October 4, 2013 at 9:23 am

Physics Colloquium: Phonons and Defects in Semiconductors, Oct. 4

Dr. Stefan Estreicher, Professor of Physics at Texas Tech University, will discuss “Phonons and Defects in Semiconductors” on Friday, Oct. 4, at 4:10 p.m. in Walter 245. His talk is part of the Physics and Astronomy Fall 2013 Colloquium series.

Stefan Estreicher

Stefan Estreicher

“Defects in semiconductors introduce vibrational modes that are distinct from bulk modes as they are spatially localized around the defect,” Estreicher says in his abstract. “Light impurities often produce high-frequency modes visible by Fourier-transform infrared absorption or Raman spectroscopy, while heavy impurities introduce low-frequency modes sometimes visible as phonon sidebands in photoluminescence spectra. Other defects, such as surfaces or interfaces, also exhibit localized modes. Many of these modes can be excited thermally.

“The vibrational lifetimes of such localized modes vary over orders of magnitude and sometimes exhibit unexpectedly large isotope effects. The trapped phonons ultimately decay into combinations of lower-frequency bulk phonons. When heat flows through a material containing defects, phonon trapping at localized modes followed by the decay into bulk phonons is empirically referred to as ‘phonon scattering’. This concept, introduced by Peierls in 1929, treats defects as static scattering centers for bulk phonons and ignores the dynamic properties of defects.

In this talk, I will quantify the concepts of vibrational localization and phonon trapping, discuss the defect- and isotope-dependence of vibrational lifetimes, distinguish between normal and anomalous decay, describe phonon scattering at the atomic level, and discuss the flow of heat at a Si/X interface where X is Ge or C.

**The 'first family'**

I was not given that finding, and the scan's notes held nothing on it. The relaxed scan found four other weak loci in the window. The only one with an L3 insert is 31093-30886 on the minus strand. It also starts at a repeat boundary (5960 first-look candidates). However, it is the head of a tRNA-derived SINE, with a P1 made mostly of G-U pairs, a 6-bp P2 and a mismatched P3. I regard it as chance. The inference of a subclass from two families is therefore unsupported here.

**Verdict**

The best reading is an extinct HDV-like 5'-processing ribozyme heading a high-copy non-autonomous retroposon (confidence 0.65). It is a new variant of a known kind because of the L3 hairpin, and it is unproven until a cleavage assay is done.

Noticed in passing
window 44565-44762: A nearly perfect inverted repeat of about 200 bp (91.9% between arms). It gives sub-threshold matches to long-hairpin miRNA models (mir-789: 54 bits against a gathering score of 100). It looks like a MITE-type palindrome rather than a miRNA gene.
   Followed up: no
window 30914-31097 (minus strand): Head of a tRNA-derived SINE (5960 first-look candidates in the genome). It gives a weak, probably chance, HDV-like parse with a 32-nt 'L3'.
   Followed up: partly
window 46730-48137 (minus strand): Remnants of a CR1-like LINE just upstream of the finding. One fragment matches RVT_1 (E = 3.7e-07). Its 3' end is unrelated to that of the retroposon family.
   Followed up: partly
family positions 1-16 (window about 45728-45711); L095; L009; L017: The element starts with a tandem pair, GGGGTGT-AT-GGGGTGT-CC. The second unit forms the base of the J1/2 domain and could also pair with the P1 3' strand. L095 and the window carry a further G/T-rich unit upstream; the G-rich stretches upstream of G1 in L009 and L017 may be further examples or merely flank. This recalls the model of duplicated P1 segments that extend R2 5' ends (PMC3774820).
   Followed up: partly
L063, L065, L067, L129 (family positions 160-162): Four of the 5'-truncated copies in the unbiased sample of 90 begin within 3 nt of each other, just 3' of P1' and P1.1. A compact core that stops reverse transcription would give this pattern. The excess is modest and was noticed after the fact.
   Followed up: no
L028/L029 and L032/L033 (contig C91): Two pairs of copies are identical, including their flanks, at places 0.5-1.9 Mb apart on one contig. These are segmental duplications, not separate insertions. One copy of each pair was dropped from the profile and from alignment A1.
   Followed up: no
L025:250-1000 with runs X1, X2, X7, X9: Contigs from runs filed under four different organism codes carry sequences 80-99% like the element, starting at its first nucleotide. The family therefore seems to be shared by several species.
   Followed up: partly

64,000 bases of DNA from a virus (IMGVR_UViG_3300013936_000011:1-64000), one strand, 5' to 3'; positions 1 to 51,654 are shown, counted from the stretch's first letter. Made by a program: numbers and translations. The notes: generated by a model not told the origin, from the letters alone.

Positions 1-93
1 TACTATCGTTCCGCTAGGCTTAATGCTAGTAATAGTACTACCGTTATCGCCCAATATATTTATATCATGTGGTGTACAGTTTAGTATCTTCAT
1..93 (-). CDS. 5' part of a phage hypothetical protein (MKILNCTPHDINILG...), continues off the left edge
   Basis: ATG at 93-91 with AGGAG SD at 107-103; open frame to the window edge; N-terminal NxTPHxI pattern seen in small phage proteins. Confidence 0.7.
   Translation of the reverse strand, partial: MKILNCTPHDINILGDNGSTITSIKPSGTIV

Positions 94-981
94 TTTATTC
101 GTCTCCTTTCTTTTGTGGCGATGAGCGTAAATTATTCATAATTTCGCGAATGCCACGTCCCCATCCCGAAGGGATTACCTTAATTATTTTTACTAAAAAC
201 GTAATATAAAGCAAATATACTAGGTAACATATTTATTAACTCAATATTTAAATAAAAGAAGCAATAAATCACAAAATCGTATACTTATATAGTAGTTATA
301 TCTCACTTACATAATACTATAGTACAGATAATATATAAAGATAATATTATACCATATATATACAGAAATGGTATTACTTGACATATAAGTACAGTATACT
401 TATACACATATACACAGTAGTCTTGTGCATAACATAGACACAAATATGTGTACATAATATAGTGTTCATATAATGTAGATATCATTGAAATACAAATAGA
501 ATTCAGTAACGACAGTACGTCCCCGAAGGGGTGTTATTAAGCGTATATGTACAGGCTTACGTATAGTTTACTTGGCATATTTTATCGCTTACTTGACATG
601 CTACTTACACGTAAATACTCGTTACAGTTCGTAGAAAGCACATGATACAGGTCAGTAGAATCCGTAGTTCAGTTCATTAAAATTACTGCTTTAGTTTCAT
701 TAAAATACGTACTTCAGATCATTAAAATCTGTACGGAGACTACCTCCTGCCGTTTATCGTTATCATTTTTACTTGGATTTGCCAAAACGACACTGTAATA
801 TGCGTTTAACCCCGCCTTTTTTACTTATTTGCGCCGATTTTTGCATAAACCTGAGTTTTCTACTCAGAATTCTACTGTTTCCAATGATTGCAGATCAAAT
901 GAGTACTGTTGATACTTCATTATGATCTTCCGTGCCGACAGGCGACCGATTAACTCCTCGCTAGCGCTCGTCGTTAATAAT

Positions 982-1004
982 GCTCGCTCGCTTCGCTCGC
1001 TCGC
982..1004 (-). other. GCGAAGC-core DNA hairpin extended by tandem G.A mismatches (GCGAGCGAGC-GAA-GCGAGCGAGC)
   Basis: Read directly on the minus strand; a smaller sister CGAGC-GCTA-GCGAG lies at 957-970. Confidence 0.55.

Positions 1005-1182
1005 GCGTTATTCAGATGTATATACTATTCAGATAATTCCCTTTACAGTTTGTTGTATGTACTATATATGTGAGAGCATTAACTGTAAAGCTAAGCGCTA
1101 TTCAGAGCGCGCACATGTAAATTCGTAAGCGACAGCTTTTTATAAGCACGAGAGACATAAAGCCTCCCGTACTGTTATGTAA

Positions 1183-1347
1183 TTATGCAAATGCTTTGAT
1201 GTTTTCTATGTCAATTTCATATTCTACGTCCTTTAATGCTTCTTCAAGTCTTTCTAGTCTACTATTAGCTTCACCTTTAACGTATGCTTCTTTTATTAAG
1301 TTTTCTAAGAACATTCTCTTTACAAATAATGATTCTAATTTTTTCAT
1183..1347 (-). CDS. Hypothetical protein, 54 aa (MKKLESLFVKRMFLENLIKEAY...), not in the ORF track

Remaining in the Fall 2013 series are held at 4 p.m. on Fridays at 4:10 p.m.

Oct. 11—Dr. Justin Frantz, Assistant Professor of Physics and Astronomy at Ohio University, on “What is the strongly coupled quark-gluon plasma and how does it form?”

Oct. 18—Dr. Paul Debevec, University of Illinois, on “Understanding the Energy Challenge: Science, Technology, Economics and Policy.”

Oct. 25—Dr. Brian McNamara, University of Waterloo, on “Outflows from Supermassive Black Holes.”

Nov. 1—Dr. Hilmi Volkan Demir, of Nanyang Technological University, Singapore and Bilkent University, Turkey, on “Nanocrystal Optoelectronics for Quality Lighting

Nov. 8—Dr. John Kopchick, Professor of Molecular Biology at Ohio University, on “Growth Hormone, Mini-mice, Football, Dirty Shorts and a New Drug.”

Nov. 15—Duncan Lorimer, of West Virginia University, on “Fast Radio Bursts: a new cosmological course population?”

Nov. 22—Jairo Sinova, of Texas A&M University, on “New Twists in Spintronics: anomalous Hall effect, spin-helix transistors and topological thermoelectrics.”

Dec. 6—Chang Kee Jung, on SUNY Stony Brook, on “Neutrino Oscillations from T2K.”



Leave a Reply

Your email address will not be published. Required fields are marked *